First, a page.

Snail's Postcard Post

Postcard Art

Here’s something I’ve been wanting to share for a long time. In high school, I made   a nature-focused art book out of an outdoors gear catalogue. In one section of the book, I worked off scenic postcards, photocopying their fronts and backs.IMG_6297Caption: The romantic silhouette of the Lone Cypress at sunset overlooks the Monterey Bay. Located on 17-Mile Drive in Carmel, it is one of natures most beautiful attractions on the Central California Coastline.

IMG_6298Caption: Alaskan Polar Bear sow with cubs, Ursus maritimus, on the 1002 Coastal Plain of the ANWR (Arctic National Wildlife Refuge), with the Brooks Range in the background.

From an outdoors trip leader:
“AK has been really smoky lately due to numerous large wildfires…I’ve heard from a few dominoes and it sounds like everybody is good, though nobody really wants to go back to school. Can’t say I blame them! Im just gearing up for a long AK winter.”
IMG_6299Caption: The Red Castle, Nevada City, Calif. The Red Castle Inn was built before the Civil War. This “gothic revival” structure has witnessed the colorful gold rush history of Nevada City since 1860.


Caption: Point Arena LightstationEstablished in 1870, destroyed in the 1906 earthquake. The new steel reinforced concrete tower constructed in 1908 stands 115 feet tall and is one of the tallest lighthouses on the West Coast.

Mama Snail wrote:
“Dad + I have begun our drive up the coast. We’re sitting on the porch of our little cottage listening to the sealions [sic.] barking out on the rocks…arg arg arg arg Amazing. Saw a deer + little spotted faun in the meadow…The people we stayed with in Ukiah had a flock of ducks–so cute.”

Caption: Sunset at Whaleshead Beach. “The big pointy rock is Haystack Rock”–Mama Snail


Caption: Squaw Valley (California) much as it appeared to early settlers.IMG_6307

Wyoming dude ranch areaIMG_6308

Caption: At 235 feet high, Haystack Rock is the world’s third largest freestanding monolith. Its impressive silhouette, located at Cannon Beach, foregrounds (a verb?) one of the coast’s radiant
“Engaging Young People in Wilderness Expeditions, Service and Native Cultures since 1984.”

A young Snail writes home:
“Tomorrow we’re leaving the river. I love paddling in the duckies. We just watched a beautiful sunset–blues and pinks. I’m happy with my group and leaders. This morning we had an icecream [sic.] drop! A Dear [sic.] Hill leader flew his jet into the canyon while we were on the river, and dropped icecream [sic.] down to us. Also today, we all jumped off a cliff into the river.”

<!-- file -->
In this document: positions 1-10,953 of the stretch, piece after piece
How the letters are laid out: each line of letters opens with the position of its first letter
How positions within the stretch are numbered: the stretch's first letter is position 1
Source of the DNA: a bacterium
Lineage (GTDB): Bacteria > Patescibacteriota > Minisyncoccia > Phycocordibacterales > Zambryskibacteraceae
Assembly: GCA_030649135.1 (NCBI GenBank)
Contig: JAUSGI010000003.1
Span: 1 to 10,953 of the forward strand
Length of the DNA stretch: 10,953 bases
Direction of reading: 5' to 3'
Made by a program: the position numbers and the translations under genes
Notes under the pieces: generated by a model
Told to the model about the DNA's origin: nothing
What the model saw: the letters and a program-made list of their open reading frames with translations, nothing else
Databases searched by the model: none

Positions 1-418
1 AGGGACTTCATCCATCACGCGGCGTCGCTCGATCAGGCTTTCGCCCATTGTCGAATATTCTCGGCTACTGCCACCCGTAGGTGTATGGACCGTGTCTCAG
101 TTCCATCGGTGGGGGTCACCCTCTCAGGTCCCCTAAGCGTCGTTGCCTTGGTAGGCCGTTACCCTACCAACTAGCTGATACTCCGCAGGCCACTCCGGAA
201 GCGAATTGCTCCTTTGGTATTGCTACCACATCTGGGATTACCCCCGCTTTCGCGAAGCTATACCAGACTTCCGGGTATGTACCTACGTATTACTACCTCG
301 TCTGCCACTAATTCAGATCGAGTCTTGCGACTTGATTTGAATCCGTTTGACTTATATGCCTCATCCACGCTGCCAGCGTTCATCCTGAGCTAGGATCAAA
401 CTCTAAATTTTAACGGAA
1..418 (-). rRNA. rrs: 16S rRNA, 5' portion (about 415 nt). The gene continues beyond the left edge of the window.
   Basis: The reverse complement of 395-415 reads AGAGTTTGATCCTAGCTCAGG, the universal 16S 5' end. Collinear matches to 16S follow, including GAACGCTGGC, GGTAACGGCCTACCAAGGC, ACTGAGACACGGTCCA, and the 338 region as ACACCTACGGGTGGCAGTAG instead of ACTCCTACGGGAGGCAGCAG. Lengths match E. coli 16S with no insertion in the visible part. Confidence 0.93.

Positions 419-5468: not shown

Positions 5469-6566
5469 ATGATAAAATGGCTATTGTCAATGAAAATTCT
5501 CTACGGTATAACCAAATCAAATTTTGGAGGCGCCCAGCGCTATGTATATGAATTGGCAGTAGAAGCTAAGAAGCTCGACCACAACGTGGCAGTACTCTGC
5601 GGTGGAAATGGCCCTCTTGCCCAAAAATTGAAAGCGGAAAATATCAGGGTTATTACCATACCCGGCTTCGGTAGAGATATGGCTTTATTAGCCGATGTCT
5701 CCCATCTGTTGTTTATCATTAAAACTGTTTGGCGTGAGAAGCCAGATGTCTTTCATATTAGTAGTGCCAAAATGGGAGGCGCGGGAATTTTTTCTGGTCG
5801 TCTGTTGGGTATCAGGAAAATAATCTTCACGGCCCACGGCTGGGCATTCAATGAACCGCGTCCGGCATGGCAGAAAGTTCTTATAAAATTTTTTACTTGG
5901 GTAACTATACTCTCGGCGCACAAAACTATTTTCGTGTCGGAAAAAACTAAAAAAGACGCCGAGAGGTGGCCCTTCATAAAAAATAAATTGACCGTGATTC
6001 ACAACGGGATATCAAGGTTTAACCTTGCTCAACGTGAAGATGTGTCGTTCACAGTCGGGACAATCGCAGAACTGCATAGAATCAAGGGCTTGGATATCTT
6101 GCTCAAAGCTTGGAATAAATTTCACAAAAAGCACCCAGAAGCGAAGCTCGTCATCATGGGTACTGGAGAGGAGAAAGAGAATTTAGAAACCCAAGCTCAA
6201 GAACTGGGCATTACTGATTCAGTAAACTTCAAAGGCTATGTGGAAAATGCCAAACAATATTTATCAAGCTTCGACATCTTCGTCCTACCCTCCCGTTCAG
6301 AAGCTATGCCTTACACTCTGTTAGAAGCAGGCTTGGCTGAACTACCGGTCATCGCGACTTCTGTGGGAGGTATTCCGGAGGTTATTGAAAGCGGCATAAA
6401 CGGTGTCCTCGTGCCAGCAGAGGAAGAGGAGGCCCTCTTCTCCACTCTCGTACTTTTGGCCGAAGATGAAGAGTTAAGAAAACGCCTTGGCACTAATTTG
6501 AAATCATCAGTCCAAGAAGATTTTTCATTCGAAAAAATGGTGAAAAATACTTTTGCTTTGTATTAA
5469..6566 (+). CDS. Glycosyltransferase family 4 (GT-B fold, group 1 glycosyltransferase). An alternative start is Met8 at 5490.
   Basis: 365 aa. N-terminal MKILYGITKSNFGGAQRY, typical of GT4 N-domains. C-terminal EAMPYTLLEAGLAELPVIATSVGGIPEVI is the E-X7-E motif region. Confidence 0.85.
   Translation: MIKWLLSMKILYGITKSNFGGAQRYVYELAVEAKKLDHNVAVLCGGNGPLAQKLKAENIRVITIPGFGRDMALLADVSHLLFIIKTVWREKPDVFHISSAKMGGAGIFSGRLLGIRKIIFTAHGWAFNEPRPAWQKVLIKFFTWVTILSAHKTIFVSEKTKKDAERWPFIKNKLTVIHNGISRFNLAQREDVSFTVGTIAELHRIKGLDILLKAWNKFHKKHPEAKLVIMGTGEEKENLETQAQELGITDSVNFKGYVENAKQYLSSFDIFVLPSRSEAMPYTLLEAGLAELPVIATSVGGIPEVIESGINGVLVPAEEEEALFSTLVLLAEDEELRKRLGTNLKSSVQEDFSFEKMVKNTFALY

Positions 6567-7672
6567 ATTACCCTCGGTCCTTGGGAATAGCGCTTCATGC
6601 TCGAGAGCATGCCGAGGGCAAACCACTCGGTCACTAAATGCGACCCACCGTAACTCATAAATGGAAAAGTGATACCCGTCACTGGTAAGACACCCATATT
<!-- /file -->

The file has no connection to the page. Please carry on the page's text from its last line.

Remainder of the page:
IMG_6310White House Ruin, Canyon de Chelly, Arizona. Photograph by William Clift.IMG_6311IMG_6312

Tucson Mountain Park

Mama Snail wrote while on book tour:
“In Phoenix now–all sand an cactus and thorny shrubs + oleanders, Squaw Mountain + Camelback Mountain…It’s 110° here, so we’re stuck inside–had my coffee outside with my escort this morning, but she was scared of the birds, so we went in.”
IMG_6313Caption: California Roosevelt Elk. Roosevelt Elk are readily seen in Prairie Creek Redwoods State Park. A protected herd of 200 roam freely and graze alongside California’s Redwood highway 101.

Another from Mama Snail:
“Today we saw a herd of these Roosevelt elk. We’re staying up near the Oregon border tonight. Got to see where the Klamath River meets the sea–seals surfing in the waves, Native Americans fishing for salmon. Saw a pelican dive in + catch a fish almost too heavy for it to take off. Hope camp is fun.” 

IMG_6314Thompson River Valley, British ColumbiaIMG_6315

The postcard from a friend was the first ever received. Delivered to my preschool!

Solana Beach, CaliforniaIMG_6317IMG_6318Columbia River Gorge, Oregon

IMG_6319Caption: Cinnamon bear and her cubs

Papa Snail writes from his ski trip:
“Rode the poma lift today just for you. They call it a platter lift and it has a rope instead of a pole and wire so there is no whiplash. It was harder than I though to find a maple leaf ski hat but I did. Cloudy with snow flurries but the mountains are magnificent.”


This entry was published on October 21, 2013 at 6:09 pm. It’s filed under Art, U.S.A. and tagged , , , , , , , , , , , , , , , , , , , , , , , , , , , , , , , , , , , , , , , , , , , , , , , , , , , , , , , , , , , , , , , , . Bookmark the permalink. Follow any comments here with the RSS feed for this post.

One thought on “Postcard Art

  1. Pingback: The California Coast | Snail's Postcard Post

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